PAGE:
it's in Italy, people coming off the boats, whether it's in Spain, the
people having come across the Straits of Tangier, or whether it's at Sangatte,
wherever they appear, we will have a common processing system, technically
you have to apply to an individual country, so let's say in that case it's
France, but the European Union will share responsibility for making sure
that fair numbers are distributed across the EU. And we're not even anywhere
near the top of that league table, we're tenth out of sixteen countries,
in the proportion relative to population we take. It really is something
that we should try to see in perspective and proportion and get a common
system agreed between us instead of raising the anti...
HUMPHRYS: Nobody I am sure would
argue that a common system is to be greatly desired, and the sort of thing
you've just described might be ideal, but we don't have it, that's the
problem, and by your own admission, twenty per cent of the applicants succeed,
that means eighty per cent of them do not succeed...
HUGHES: Just let me just be clear
about the figures. The figures are roughly that twenty per cent of original
cases succeed on the first round, as it were, there are about another twenty
per cent which succeed either because there's a judicial review, or because
they're given leave to remain here. So about a third, between a third and
a half of all people, coming over the last decade, have been allowed to
HUMPHRYS: Right, but the majority,
nonetheless, are turned down...
HUGHES: ...their majority at the
end of the process, are turned...
HUMPHRYS: ...or well, unless it's
third and the figure probably fluctuates a bit, doesn't it?
HUGHES: ...it does.
HUMPHRYS: But anyway, the fact
is, the majority, even if it's only a small majority are turned down and
what you're saying, and let's look at it now from a practical point of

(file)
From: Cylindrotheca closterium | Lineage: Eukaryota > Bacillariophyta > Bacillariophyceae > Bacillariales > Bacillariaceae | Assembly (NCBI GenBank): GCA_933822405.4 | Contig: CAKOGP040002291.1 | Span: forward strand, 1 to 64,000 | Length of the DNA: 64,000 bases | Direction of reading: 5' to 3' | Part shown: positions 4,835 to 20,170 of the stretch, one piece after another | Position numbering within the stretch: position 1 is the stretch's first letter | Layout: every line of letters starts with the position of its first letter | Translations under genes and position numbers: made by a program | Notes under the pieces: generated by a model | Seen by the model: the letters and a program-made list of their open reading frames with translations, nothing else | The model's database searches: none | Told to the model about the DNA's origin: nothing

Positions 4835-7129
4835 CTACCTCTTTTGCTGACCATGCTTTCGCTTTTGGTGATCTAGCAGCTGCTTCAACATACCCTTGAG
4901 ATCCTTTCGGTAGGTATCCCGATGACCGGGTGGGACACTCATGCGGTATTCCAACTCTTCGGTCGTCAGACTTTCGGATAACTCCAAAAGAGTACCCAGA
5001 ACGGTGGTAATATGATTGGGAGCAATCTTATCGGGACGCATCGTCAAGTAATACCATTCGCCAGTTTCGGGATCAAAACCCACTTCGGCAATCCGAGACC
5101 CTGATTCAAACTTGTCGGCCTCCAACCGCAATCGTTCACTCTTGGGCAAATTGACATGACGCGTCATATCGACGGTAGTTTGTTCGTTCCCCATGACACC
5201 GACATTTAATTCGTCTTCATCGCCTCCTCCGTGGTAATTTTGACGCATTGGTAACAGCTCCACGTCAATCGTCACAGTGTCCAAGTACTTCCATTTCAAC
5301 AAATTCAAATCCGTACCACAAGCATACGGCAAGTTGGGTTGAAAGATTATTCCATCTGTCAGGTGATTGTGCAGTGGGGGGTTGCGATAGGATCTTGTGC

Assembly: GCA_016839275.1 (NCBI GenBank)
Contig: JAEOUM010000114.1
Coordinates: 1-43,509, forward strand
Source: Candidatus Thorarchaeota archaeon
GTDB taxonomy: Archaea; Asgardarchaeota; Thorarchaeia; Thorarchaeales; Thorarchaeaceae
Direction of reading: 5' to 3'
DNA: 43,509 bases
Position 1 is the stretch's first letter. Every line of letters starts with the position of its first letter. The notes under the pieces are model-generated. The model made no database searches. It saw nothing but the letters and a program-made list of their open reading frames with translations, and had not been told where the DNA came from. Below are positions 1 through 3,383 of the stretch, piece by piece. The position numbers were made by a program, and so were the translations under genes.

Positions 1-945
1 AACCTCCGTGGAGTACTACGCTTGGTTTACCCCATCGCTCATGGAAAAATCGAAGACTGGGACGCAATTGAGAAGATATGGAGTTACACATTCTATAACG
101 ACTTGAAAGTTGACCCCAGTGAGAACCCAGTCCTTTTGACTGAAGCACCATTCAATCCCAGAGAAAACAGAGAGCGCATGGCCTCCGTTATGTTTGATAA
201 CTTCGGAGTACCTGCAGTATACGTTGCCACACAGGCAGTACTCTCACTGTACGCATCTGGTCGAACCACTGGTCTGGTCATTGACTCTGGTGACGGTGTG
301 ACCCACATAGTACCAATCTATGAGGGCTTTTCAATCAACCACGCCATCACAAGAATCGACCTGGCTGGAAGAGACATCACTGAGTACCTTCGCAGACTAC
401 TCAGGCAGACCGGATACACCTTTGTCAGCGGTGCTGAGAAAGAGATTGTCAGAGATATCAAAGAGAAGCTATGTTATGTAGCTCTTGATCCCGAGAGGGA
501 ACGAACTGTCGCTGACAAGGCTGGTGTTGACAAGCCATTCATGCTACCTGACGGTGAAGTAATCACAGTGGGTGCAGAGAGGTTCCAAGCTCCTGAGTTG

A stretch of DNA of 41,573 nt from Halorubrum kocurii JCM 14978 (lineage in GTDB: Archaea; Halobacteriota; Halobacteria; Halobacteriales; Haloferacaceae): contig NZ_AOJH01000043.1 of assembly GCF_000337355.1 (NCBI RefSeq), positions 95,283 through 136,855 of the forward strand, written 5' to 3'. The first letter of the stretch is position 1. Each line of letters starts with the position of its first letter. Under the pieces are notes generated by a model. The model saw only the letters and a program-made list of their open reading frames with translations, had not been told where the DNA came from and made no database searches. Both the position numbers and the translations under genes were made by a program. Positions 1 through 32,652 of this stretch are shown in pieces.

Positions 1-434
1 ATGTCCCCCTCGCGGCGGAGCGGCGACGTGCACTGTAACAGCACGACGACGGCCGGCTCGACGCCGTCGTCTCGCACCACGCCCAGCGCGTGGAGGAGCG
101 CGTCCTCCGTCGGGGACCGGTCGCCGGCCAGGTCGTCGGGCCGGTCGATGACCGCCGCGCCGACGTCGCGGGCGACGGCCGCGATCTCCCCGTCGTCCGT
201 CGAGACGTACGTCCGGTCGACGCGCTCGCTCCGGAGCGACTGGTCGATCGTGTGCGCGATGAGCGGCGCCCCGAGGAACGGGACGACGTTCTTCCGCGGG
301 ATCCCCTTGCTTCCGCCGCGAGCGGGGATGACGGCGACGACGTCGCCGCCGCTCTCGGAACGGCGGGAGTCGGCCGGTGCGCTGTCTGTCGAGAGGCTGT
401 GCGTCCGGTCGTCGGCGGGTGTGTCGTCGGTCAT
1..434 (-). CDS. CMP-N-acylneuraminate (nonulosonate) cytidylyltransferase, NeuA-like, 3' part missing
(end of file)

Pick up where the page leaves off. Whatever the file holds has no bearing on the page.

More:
view rather than the moral point of view, what you're saying is that we,
people of this country, should bear their costs. We should carry on housing,
clothing, feeding them, all the rest of it?
HUGHES: When we signed up to the
Convention in nineteen-fifty-one, where Britain actually was a key country
in drafting the Convention and establishing the rights, the deal was that
the countries who were receiving applicants would look after the asylum
applicant until they could deal with their case. Now most applicants for
asylum do not come to Britain, they don't come to Europe, they go to Pakistan,
or they go to Central Africa, we get a very small proportion, if, and the
figures as the UN commissioned this week says, have been cut by half in
Europe over the last decade, if we can't organise ourselves, the fourth
most successful economy in the world, to process these cases, that's a
failing of us, and the only reason there's perceived there's a crisis,
is because we haven't put the resources in, we haven't had the processing
done properly. You can have a perfectly proper system, and a quick system,
and a fair system, without saying 'I'm sorry, if you're going to appeal,
you're going to have to appeal from somewhere far away, where to be honest,
there's no guarantee you will have the same opportunity to do so as if
HUMPHRYS: But it is perceived as
a crisis and there are enormous political ramifications of all of this
as we both know, and as everybody watching this programme knows, and something
has to be done, most people believe, and if you look at another set of
figures that the financial figures, we read this morning that it's going
to cost in the current year about a billion pounds to deal with asylum
seekers. Now for a politician to sit there and say, don't worry about it,
we should pick up that bill...
HUGHES: ... it was us that don't
worry about it. It's, take a European context, Mr. Blair said when he goes